I recently upgraded my Dell E6410 with NVS 3100m GPU laptop from Ubuntu 10.10 (Maverick Meerkat) to 11.04 (Natty Narwhal), and I can’t shake this feeling that the distribution has taken a few steps back. I’m not even referring to the new Unity desktop, but to some super-irritating annoyances I had to fix or work around before being able to use the system. These annoyances were not present in 10.10, it had a whole different collection. 🙂
The first annoyance was when I successfully connected to my wireless N access point, but couldn’t get a single packet through. After much searching, it turns out there’s a bug in the firmware for the Centrino Advanced-N 6200 wireless adapter that keeps it from getting any data through.
The solution is to disable wireless N on your laptop by creating a file etc/modprobe.d/inteldisablen.conf with the following contents:
options iwlagn 11n_disable50=1 11n_disable=1
and then to reboot. If you don’t want to reboot, just rmmod and modprobe the iwlagn kernel module. I’ve confirmed that this fix works.
After resuming and suspending, certain 2D and GPU-assisted graphics operations slow down. Scrolling in Chrome, even on a simple Google results page, is excruciatingly slow with head-explosion-levels of lag.
The solution is to disable hyperthreading, or at least to disable a number of CPU cores, at suspend and re-enable at resume. My laptop i5 CPU has 2 real cores, and thus 4 virtual cores due to hyperthreading. I’m using the following script, taken from this forum thread to do the necessary core disabling / enabling automatically:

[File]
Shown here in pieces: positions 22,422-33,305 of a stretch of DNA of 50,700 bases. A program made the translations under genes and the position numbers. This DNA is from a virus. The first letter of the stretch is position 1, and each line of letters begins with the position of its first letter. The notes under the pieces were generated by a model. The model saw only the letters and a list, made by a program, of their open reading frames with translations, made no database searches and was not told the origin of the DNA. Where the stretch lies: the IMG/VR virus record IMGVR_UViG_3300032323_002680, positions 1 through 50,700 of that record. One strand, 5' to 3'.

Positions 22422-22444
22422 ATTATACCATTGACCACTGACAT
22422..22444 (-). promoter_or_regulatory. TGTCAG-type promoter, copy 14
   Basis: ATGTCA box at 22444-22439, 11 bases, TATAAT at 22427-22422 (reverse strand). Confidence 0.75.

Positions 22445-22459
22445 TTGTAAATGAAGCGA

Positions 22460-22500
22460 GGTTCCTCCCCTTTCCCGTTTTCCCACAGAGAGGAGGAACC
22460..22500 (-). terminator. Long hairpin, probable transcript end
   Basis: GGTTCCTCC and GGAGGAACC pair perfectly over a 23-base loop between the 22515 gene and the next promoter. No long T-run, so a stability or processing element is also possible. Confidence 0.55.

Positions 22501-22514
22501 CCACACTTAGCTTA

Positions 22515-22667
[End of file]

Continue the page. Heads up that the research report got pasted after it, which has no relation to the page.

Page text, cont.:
#!/bin/sh # Disable hyper-threading processor cores on suspend and hibernate, re-enable them # on resume. Presumably helps for buggy nvidia behaviour. # save this file as /etc/pm/sleep.d/20_core_i5_disable_cores and make excutable # with chmod +x /etc/pm/sleep.d/20_core_i5_disable_cores # from: http://www.nvnews.net/vbulletin/showthread.php?t=158091 case $1 in hibernate|suspend) echo 0 > /sys/devices/system/cpu/cpu1/online echo 0 > /sys/devices/system/cpu/cpu3/online ;; thaw|resume) echo 1 > /sys/devices/system/cpu/cpu1/online echo 1 > /sys/devices/system/cpu/cpu3/online ;; esac
I’ve confirmed both the slow-down behaviour and the working of the fix.
Natty’s new overlay scrollbars screw with Eclipse’s scrollbars, leaving you with 100% non-working scrollbars! You can either disable the overlay scrollbars completely, or comment out the GDK_NATIVE_WINDOWS line close to the start of the /usr/bin/eclipse shell script:
On my setup, this fix works most of the time.
It’s a shame that these things don’t work out of the box, as some of them had been reported long before the Natty release. Before I forget, if you install 11.04 on this specific laptop, you might also have to follow my Ubuntu 10.10 howto if you see a black screen at bootup or resume.